One can of course try to move the benefits forward in time, on the one side by speeding up the necessary removal and cleaning activities and preventing them to drag on too long, and on the other side by readjusting existing zoning plans elsewhere on the island, abandon the intended occupation of already zoned areas and block them for specific uses. It remains to be seen if this would suffice to turn the CBA outcome into a positive result. Another conceivable possibility is to lower the discount rate, by explicitly assigning a larger weight to the interests of future generations. It is advisable to examine if and to what extent this way of thinking might be defensible for this type of policy interventions (i.e. track B). An economic CBA is an analytical instrument, meant to bring the welfare implications of complex policy options in a consistent and transparent way out into the limelight. The results offer policy makers important information, but as a matter of course the outcomes are not meant to tell them what to do. Political decision makers should take note of the welfare-economic analysis, but have the responsibility to weight themselves all pros and cons in their own way. Important aspects, like uncertainties about nature and size of future benefits of the cleaning operation, the wish to explicitly give proper weights to the welfare contributions of new sustainable uses for present and future generations, and improvement of the image of the island of Curaçao boosting new élan, might be reasons for the Government to not let itself too easily become deterred by potential negative outcomes of policy interventions of type B. For that reason it deserves serious consideration to present the economic valuation of the policy options of type B not as an economic Cost-Benefit Analysis, but rather as a Cost-Effectiveness Analysis (CEA). In a CEA the effects to be realised - e.g. cleaning level x for y hectares of the ISLA site, to be zoned for specific use z – are specifically and precisely defined. Then the costs are identified of all possible ways to realize this objective. In the end the outcome of the CEA can be corrected for all identifiable socio-economic benefits, arising from the proposed future use. The final result will be consistent with a proper CBA.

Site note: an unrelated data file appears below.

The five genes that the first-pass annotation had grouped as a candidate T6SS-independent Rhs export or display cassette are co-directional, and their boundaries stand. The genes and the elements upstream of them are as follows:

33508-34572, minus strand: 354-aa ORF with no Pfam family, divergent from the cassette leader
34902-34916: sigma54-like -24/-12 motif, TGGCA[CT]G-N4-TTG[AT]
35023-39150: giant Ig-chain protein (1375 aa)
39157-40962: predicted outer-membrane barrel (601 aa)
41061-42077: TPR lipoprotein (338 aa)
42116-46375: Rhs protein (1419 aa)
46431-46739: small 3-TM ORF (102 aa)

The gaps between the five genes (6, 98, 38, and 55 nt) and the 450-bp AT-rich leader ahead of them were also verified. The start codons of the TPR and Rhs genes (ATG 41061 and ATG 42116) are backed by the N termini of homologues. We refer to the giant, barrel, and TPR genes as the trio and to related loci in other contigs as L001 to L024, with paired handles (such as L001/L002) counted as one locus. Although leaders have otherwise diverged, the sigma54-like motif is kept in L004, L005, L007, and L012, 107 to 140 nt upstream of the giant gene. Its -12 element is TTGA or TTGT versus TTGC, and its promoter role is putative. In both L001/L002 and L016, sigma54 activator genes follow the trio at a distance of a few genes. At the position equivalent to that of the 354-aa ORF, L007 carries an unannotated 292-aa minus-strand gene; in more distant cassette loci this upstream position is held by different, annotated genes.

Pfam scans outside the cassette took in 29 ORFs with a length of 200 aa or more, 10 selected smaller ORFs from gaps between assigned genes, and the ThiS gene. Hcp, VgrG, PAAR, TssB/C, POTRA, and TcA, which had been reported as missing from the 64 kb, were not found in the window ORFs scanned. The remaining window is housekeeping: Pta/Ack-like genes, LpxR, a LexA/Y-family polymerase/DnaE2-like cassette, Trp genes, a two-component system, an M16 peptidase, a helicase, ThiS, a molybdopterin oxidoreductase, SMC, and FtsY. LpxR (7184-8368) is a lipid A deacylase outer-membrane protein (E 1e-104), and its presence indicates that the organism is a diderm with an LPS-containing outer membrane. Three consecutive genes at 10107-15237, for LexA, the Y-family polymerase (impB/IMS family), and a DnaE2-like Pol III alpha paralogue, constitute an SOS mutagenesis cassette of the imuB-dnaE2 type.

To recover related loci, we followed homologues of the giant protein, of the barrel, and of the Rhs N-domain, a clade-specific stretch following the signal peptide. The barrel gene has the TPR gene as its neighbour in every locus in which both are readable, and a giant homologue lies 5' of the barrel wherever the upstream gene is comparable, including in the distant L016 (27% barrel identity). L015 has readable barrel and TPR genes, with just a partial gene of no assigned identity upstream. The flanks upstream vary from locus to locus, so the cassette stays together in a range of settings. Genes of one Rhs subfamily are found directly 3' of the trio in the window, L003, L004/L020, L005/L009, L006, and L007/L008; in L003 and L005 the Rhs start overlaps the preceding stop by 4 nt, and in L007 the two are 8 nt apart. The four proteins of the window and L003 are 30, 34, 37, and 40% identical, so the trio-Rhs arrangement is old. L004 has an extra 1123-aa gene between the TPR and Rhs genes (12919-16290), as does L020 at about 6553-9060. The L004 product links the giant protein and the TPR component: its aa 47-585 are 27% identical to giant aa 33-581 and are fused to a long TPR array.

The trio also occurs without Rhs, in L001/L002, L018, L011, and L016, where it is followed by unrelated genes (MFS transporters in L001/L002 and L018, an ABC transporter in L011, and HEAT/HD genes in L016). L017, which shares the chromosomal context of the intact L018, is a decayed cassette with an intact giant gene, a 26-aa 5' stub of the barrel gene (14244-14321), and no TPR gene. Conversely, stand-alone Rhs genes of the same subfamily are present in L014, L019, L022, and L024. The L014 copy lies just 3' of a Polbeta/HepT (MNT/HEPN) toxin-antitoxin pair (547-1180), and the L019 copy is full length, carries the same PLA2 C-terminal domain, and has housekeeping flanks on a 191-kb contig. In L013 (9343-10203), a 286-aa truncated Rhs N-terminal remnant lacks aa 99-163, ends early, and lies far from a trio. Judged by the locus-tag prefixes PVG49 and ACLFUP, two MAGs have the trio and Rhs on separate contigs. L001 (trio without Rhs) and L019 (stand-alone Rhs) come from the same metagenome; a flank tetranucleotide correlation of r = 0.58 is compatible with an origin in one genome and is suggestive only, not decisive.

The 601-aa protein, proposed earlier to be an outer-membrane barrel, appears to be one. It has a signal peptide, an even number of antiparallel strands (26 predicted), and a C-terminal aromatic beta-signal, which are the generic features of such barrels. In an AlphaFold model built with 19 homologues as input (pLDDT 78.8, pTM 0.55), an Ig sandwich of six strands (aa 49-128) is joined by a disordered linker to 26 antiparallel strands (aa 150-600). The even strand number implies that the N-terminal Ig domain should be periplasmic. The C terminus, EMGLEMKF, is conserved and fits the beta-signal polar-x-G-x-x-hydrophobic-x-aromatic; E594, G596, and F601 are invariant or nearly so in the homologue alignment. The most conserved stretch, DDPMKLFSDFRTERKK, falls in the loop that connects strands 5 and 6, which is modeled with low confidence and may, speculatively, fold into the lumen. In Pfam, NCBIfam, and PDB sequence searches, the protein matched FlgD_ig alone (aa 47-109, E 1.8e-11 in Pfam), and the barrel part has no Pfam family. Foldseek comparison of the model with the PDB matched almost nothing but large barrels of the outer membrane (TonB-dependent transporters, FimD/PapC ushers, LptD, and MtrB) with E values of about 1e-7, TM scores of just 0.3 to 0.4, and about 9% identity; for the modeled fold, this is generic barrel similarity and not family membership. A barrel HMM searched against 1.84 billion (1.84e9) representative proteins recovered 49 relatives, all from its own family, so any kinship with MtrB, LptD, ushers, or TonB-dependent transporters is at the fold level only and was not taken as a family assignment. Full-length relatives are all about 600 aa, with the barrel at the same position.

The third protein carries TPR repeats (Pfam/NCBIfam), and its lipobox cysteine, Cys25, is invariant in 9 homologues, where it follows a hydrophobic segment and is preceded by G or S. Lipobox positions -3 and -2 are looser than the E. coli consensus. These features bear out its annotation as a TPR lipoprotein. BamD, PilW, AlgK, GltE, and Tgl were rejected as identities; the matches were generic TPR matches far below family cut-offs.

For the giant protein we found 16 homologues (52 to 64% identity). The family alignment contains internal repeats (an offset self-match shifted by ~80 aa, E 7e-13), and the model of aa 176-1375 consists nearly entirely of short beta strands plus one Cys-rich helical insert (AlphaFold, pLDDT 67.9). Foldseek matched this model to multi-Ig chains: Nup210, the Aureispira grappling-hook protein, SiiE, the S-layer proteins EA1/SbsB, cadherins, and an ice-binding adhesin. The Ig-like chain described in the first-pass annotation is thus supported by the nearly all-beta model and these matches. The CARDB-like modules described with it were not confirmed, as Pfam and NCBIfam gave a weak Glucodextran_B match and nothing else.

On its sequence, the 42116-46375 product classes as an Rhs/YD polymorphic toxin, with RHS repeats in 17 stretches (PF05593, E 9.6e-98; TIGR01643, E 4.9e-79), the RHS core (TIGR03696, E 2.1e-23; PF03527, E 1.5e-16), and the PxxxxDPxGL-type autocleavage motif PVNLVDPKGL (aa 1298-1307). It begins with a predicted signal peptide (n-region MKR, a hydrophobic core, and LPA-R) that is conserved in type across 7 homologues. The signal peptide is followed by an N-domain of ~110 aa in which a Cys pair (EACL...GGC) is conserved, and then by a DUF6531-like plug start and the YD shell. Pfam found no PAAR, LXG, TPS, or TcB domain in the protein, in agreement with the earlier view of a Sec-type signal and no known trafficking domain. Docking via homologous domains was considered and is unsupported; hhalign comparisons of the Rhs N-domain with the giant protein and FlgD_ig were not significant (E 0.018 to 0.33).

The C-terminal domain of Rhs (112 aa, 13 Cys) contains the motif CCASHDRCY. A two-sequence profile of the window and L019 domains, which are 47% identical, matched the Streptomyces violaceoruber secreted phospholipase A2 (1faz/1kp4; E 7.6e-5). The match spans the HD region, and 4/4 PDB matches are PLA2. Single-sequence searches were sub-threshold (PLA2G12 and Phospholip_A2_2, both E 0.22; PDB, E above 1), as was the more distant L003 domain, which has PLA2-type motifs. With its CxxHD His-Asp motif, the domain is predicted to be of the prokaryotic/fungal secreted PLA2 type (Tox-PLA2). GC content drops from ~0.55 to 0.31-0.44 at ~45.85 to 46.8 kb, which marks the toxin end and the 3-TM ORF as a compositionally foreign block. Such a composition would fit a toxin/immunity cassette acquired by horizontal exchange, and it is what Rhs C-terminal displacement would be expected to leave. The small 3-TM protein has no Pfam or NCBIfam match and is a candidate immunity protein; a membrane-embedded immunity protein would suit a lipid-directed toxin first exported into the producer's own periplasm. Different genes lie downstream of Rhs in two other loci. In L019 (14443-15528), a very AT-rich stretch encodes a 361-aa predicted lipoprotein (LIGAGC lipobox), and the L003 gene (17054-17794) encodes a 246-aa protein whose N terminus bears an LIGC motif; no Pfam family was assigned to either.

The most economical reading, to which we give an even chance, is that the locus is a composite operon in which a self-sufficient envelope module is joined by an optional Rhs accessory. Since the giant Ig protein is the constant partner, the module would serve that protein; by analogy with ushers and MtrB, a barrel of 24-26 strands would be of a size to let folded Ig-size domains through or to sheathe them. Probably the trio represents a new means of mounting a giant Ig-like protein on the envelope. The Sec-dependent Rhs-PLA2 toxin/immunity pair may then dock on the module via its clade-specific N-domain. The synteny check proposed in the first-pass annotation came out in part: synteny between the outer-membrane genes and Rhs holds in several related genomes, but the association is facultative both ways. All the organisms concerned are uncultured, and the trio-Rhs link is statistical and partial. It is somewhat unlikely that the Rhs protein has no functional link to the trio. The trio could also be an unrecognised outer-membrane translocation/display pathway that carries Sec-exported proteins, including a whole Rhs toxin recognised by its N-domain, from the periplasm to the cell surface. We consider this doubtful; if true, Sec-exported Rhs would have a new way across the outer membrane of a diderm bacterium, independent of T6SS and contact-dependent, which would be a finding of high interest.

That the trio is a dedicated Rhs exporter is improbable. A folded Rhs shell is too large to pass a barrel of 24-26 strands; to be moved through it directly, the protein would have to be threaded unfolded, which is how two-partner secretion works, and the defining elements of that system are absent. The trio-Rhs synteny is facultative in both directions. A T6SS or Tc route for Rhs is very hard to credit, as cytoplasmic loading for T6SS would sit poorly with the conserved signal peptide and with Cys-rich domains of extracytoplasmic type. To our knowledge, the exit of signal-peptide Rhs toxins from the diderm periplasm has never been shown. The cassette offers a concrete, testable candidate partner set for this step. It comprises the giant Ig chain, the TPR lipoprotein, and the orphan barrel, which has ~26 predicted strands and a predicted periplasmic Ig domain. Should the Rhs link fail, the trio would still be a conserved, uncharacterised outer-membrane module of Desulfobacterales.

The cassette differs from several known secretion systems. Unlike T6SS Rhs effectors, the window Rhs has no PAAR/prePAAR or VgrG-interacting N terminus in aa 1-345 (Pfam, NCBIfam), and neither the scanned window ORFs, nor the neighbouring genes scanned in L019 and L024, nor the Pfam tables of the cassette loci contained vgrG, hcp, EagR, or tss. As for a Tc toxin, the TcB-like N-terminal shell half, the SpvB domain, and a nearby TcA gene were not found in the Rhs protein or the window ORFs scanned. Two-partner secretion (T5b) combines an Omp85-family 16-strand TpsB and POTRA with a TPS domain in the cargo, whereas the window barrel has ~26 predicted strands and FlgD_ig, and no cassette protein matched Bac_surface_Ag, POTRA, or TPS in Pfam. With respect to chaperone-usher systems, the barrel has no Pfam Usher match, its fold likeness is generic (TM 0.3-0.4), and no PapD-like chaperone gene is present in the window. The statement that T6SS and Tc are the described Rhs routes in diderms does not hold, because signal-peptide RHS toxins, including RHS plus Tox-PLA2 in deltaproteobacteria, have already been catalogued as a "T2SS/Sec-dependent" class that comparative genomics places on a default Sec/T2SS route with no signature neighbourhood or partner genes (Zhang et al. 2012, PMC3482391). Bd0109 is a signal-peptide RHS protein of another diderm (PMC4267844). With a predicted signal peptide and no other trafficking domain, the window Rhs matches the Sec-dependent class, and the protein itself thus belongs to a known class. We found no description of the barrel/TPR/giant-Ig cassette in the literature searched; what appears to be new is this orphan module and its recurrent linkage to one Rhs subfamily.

A sustainable future for Curaçao